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The Bankruptcy Filing Process
There are a number of legally required steps involved in filing for bankruptcy. Failing to complete them can result in the dismissal of your case.
Before filing for bankruptcy, individuals are required to complete a credit counseling session and obtain a certificate to file with their bankruptcy petition. The counselor should review your personal situation, offer advice on budgeting and debt management, and discuss alternatives to bankruptcy. You can find the names of government-approved credit counseling agencies in your area by calling the federal bankruptcy court closest to you or by visiting its website.
Filing for bankruptcy involves submitting a bankruptcy petition and financial statements showing your income, debts, and assets. You will also be required to submit a means test form, which determines whether your income is low enough for you to qualify for Chapter 7. If it isnt, you will have to file for Chapter 13 bankruptcy instead. You will also need to pay a filing fee, though it is sometimes waived if you can prove you cant afford it.
You can obtain the forms you need from the bankruptcy court. If you engage the services of a bankruptcy lawyer, which is usually a good idea, they should also be able to provide them.
Assuming the court decides in your favor, your debts will be discharged, in the case of Chapter 7. In Chapter 13, a repayment plan will be approved. Having debt discharged means that the creditor can no longer attempt to collect it from you.
Your Responsibilities When A Bankruptcy Order Is Made
- give the official receiver information on your finances
- give the official receiver a full list of your assets
- tell your trustee about any rise in income during your bankruptcy
- tell anyone who offers to loan you over £500 that youre bankrupt
- go to court to explain why you owe money if asked to do so
There are also things you cant do while bankrupt. These are called restrictions.
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Your Cra Debt Options
If you are having CRA debt issues, speaking with a licensed insolvency trustee to help review your options is the first step. They can see what the best solution is for you, which may include a consumer proposal or a bankruptcy. When successfully entering into either a bankruptcy or a consumer proposal, this stops any further actions against you by the CRA.
If you owe the CRA money, dealing with CRA tax debt should be your top priority. Not only can the agency use widespread collection actions, but it can also withhold GST and Child Tax credits or even remove money from your bank account leaving you out of luck when it comes to meeting other obligations like mortgage payments.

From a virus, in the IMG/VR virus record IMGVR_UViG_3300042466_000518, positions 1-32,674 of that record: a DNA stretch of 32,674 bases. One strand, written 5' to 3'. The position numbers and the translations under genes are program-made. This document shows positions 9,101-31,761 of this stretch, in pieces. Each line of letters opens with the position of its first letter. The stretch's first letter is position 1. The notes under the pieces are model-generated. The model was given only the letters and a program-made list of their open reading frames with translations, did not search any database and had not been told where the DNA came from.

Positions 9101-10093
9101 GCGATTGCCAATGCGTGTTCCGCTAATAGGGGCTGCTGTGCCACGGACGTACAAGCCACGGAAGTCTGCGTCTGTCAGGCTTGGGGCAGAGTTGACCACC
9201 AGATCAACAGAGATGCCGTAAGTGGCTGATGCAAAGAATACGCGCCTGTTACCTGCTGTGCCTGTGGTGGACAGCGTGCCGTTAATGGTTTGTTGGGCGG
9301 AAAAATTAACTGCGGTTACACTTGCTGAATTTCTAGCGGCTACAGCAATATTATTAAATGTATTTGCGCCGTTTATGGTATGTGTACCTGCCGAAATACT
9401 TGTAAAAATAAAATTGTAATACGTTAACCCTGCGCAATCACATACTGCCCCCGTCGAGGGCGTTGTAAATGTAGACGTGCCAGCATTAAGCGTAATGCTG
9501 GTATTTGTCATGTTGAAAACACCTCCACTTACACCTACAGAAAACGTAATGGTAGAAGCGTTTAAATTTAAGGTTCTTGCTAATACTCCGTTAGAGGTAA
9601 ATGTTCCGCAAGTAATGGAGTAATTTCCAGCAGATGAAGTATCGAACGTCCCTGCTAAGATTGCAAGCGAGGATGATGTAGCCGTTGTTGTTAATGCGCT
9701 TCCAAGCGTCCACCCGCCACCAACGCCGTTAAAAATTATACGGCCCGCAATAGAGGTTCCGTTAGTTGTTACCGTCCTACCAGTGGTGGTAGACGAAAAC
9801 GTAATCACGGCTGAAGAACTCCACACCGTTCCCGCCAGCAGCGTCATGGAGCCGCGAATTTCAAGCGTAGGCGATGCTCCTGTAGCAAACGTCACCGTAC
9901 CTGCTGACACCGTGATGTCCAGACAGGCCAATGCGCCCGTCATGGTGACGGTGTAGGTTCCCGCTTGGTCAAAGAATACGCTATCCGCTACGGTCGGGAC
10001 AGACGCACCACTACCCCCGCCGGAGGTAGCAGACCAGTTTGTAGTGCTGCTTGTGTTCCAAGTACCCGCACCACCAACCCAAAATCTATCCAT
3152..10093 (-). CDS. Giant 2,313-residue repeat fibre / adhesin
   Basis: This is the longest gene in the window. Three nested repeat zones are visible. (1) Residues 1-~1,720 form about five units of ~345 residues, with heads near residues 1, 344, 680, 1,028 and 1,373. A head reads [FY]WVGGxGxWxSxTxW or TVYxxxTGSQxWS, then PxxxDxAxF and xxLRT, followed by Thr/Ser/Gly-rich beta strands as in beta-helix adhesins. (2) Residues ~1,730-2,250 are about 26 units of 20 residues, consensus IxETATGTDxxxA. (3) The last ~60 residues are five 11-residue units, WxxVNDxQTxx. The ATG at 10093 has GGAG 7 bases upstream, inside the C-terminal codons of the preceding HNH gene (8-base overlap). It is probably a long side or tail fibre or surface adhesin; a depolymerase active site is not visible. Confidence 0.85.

Dont delay if you find yourself in tax debt. There is a solution to all types of debt.
If you live in the GTA, book a free consultation with the caring professionals at David Sklar & Associates. We are here to help assist you in making the best decision for you.
A Quick History Of Bankruptcy
The term bankruptcy probably came from the Italian phrase banca rottawhich literally means broken benchbecause in medieval days, if a merchant couldnt pay their creditors, they could come break the merchants market stall .1
What about bankruptcy in America, specifically? Well, several different bankruptcy acts popped up during times of economic crisis before the Bankruptcy Act of 1898. This one said bankruptcy didnt require the creditors approval and stuck around until the Bankruptcy Reform Act of 1978which set the laws we follow today.
Now when you file for bankruptcy, no ones coming to smash your bench , but its still a painful experience.
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If You’re Overwhelmed By Your Debts Bankruptcy Is Just One Option
If you have large debts that you cant repay, are behind in your mortgage payments and in danger of foreclosure, are being harassed by bill collectorsor all of the abovedeclaring bankruptcy might be your answer. Or it might not be.
Bankruptcy can, in some cases, reduce or eliminate your debts, save your home and keep those bill collectors at bay, but it also has serious consequences, including long-term damage to your . That, in turn, can hamper your ability to borrow in the future, raise the rates you pay for insurance, and even make it difficult to get a job.